Deblina Sarkar receives Nano Research Young Innovators Award

Jimmy Day

Professor Deblina Sarkar is among the recipients of the  Nano Research Young Innovators Awards in Bio-inspired Nanomaterials. Recognized for her potential to make a significant contribution in the field of nanotechnology, Prof. Sarkar is one of only four female researchers worldwide to receive this honor in 2023. Prof. Sarkar’s research fuses engineering, applied physics, and biology, advancing nanotechnology to address sustainable AI and life-machine symbiosis. 

Nano Research launched their Young Innovators (NR45) Awards program in 2018 to feature young researchers under the age of 45 in various fields of nanoscience and nanotechnology, in recognition of their distinguished accomplishments and/or potential to make substantial contributions to their fields. The NR45 awardees were selected through a competitive process by an award committee from the journal’s editorial board. All the awardees are invited to submit research or review papers that underwent a rigorous peer-review process. Nano Research publishes a Special Issue featuring each award cohort's work every year. 


Nano Research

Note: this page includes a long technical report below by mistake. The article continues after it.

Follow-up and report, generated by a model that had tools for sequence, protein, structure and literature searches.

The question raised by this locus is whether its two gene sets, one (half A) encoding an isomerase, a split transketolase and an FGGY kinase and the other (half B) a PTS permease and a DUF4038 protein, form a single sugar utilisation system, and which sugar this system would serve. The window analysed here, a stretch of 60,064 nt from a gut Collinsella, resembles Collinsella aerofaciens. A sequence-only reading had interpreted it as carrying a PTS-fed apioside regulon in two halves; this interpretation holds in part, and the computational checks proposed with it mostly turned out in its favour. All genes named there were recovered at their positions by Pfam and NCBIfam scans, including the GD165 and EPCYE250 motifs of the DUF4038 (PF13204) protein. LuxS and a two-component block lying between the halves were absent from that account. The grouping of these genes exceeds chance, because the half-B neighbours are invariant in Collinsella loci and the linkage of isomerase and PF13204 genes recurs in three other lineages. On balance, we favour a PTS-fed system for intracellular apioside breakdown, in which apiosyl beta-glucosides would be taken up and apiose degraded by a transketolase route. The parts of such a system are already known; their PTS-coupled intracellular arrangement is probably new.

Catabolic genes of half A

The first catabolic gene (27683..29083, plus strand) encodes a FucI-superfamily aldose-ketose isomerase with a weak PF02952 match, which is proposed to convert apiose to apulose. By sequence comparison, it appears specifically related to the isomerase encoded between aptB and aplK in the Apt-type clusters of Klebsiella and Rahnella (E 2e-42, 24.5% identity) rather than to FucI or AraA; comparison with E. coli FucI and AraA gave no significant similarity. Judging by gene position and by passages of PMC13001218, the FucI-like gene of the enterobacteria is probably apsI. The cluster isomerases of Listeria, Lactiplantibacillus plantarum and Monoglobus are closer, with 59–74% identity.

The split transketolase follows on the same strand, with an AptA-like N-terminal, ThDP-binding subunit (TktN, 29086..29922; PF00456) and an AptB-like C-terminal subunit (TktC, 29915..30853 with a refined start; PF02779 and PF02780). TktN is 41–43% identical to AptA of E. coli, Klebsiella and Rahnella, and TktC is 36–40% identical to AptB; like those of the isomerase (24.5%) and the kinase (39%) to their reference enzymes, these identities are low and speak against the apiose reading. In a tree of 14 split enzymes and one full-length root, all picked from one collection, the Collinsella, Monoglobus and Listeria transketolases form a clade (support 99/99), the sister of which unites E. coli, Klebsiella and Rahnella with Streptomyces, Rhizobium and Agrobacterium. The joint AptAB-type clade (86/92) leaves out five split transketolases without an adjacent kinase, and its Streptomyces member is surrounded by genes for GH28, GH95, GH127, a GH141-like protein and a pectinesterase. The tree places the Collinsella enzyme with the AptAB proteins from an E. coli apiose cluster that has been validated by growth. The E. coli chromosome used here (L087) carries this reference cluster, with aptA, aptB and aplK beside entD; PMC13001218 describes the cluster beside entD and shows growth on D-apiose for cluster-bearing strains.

Prof. Sarkar was selected for this award based on the two research directions in her Nano-Cybernetic Biotrek (NCB) research group at the MIT Media Lab:

  • Sustainable AI: Tapping into quantum devices, spintronics, and neuromorphic technologies to advance nanoelectronic devices for the benefit of extreme energy efficiency, massive reduction in greenhouse gases, and sustaining the growth of AI;
  • Nanomachine bio-hybrids: Fusing nanotechnology with biology to create wireless sub-cellular brain implants, a radical treatment for brain cancer, neurodegenerative diseases such as Alzheimer’s disease, and even addressing longevity.

Having achieved a perfect and rarely achieved impact score of “10," the highest score possible from the NIH, as well as the MIND Prize and The Distinguished Scientist Award, Prof. Sarkar's NCB research group has made strides in its pre-clinical studies, which replicate human disease phenotype. NCB’s technology shows promise in treating and preventing brain diseases such as Alzheimer’s disease and providing radical treatments for brain cancers that currently have no cure. NCB is currently forging forward to clinical studies for translating their technologies to humans.

Addressing some of human-kind’s largest and most complex issues with nano-electronic devices that radically reduce energy and greenhouse gases, while enabling humans to transcend their biological limitations, are principle tenets of NCB’s research goals.

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